Trek follows four hikers whose intent is to stay together through the trail, it's an up close and personal approach, but also shows some of the really important parts of the trail for those who will be hiking it and how these four guys managed on a daily level of getting up and hiking. Also some of the difficulties hikers can face even in town.  They are a good group of guys to follow and get to know, and we face some of the hardships they have to deal with. 

Friday, August 3, 2012

Loner and Fatherman video

As I mentioned in an earlier post, Fatherman, who is an AT thru-hiker who starter hiking from Georgia in March is someone Loner has admired since before he starter his own hike.  Jeff learned a lot and was inspired by Fatherman's videos and it only took them 5 months to finally meet up on the trail in Kent, CT.  Fatherman has now posted his video of this memorable meeting outside of the laundromat - how fitting.
And check out Fatherman's other videos - they're always interesting, always different as each hiker Hikes Their Own Hikes. 

Thursday, August 2, 2012

Loner at 1500 miles in Massachusetts

Yesterday, August 1st,  I heard from Loner and he had reached the state where he was born 40 years ago: Massachusetts. He was born in a small lakeside town, called Dracut, Mass, which at one time was a sort of holiday spot where we lived across the street from a state park. The remnants of park rides and food stands were still scattered around the lake when we lived there.We lived in two different houses one a sort of log vacation cabin within steps and with a view of the lake in winter, and the second house, which was a cottage a little further out, but an easy minute or two walking distance.  So I know his time in Mass. will bring back lots of memories, ice skating on the lake, watching cars drive figure eights on the ice on the lake in the winter, Going into the very dark nightclub turned into a cocoa stand during the day to warm up, hunting for turtles and frogs.  We had a family of large pheasants living in our backyard and snapping turtles living in the marsh right behind the yard. That's where Jeff got to enjoy racing, going with his great grandpa, grandpa, who were both race car drives to watch his dad do demolition derbies.  We took Jeff with earplugs form the textile mill where both his dad and I worked when Jeff was just six months old.  You'll see some racing in the new videos he's posted and some posh cars - racing Porsches and a Viper among them!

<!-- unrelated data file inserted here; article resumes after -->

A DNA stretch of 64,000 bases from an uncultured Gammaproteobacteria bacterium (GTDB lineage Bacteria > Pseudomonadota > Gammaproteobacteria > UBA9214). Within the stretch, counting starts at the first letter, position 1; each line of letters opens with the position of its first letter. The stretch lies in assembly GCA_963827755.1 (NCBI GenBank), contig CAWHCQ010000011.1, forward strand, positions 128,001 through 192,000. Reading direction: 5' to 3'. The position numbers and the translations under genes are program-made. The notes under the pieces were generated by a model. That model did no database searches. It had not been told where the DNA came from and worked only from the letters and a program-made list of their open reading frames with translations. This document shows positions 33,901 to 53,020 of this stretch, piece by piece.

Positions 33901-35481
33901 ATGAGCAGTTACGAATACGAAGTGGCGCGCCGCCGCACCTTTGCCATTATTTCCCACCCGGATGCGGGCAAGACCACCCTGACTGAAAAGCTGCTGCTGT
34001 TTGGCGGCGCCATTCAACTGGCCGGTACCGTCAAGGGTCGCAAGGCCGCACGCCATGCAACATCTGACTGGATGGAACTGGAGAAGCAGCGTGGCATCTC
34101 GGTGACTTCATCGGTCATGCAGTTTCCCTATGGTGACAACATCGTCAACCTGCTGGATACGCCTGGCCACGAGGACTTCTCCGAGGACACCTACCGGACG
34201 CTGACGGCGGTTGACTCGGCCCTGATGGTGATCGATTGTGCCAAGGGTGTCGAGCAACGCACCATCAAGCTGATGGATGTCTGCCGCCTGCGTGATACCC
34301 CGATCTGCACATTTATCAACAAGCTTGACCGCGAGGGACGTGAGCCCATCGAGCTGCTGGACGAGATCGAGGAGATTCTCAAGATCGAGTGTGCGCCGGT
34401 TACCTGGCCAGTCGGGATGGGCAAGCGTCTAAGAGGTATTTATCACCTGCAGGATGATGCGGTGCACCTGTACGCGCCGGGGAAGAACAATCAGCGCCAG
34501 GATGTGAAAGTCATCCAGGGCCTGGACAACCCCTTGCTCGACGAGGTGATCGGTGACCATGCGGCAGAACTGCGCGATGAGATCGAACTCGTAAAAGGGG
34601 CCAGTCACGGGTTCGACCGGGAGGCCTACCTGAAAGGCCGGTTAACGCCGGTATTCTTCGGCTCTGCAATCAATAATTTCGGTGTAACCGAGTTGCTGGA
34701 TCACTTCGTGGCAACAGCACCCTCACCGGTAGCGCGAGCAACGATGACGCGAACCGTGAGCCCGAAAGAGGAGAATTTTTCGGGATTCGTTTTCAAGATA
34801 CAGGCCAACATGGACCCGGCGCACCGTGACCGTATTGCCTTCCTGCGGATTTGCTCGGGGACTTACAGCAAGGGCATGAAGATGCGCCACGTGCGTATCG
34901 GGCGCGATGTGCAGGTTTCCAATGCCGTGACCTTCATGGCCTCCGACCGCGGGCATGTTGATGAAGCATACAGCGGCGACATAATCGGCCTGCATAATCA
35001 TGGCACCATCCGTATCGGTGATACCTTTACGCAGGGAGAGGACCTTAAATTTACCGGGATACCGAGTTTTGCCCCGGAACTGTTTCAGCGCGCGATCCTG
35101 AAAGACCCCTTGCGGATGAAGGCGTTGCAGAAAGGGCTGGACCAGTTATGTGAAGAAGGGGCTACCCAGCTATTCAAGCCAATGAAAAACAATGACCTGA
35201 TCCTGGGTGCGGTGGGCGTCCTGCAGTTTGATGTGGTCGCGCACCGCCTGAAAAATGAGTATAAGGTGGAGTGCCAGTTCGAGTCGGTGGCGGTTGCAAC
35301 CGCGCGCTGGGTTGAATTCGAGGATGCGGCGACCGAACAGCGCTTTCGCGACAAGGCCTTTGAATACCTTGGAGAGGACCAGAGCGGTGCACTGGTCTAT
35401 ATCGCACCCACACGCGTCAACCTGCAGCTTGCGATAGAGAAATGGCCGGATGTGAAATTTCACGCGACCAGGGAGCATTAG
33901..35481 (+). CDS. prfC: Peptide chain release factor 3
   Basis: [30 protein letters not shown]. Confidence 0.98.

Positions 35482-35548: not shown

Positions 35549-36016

We never lived in the city when Loner was young, although Lowell, a large textile center was close and where I lived before I got married.  So Jeff doesn't love city life as much as I do.  He's always been one to consider the outdoors his home and nature sacred.  He hits is first textile town not long after he enters Mass.  and goes through Dalton and Great Barrington and you can see the difference in Mass. towns.  He says it really feels like the New England he knows and the mountains are beautiful.  In one video there's a sign with a snowmobile on it and boy that brought back all kinds of memories for me.  I'd totally forgotten they existed, after leaving 30 years in South Carolina, but Loner's dad owned one and it was just the way of the world up there once the snow reached 3 and 4 feet starting in October and not melting until April so storm just dumped more snow after storm until the plowed hills turn into mountains taller than a story or two building. We'd have two or three blizzards a year, but the rest of the days kids went to school unless the snow was over a foot or so, here, the schools close if they just predict snow!
Loner talks about some of the people he's meeting on the trail, including Socks from Germany, a woman who has hiked all over the world and does motor cycle rallies all over Europe; Radio, who got Lyme Disease but is still on the trail. Jeff  said its been sad to see a lot of people leave at the 1500 mile mark including Union Jill from the UK whose also a power lifter and Jeff said a lot of other people left, just got bored or tired of it and left- with only 600 miles left to Katadhin. It's too bad and sad to see them leave when they're so close. 
He also gave shout outs to some of his You Tube friends and supporters: Kath (who hopes to hike the AT next year and Jeanine, another arrowhead hunter.
gives some assistance to the cars in the pits at the Porsche race. Enjoy the 4 or 5 new videos on his Loner2012AT Video Blog 

Rayo reaches Katadhin!

And for some more great news, one of the other thru-hikers I've been following is Rayo.
 His mother, Patti and I have become good friends and she has been a  caring and supportive friend during our son's journeys. Rayo started off at Springer Mtn. in Georgia on March 16th and he just made it to Katadhin as the 100th thru-hiker to walk all 2,184 miles this year!
  I've been following Rayo's blog, Following Blazes,  which often has great photos and a rundown of his journey everyday.  And he's a determined guy who has reached his goal of being in the first 100 to reach the end of the trail in Maine!  And he did it!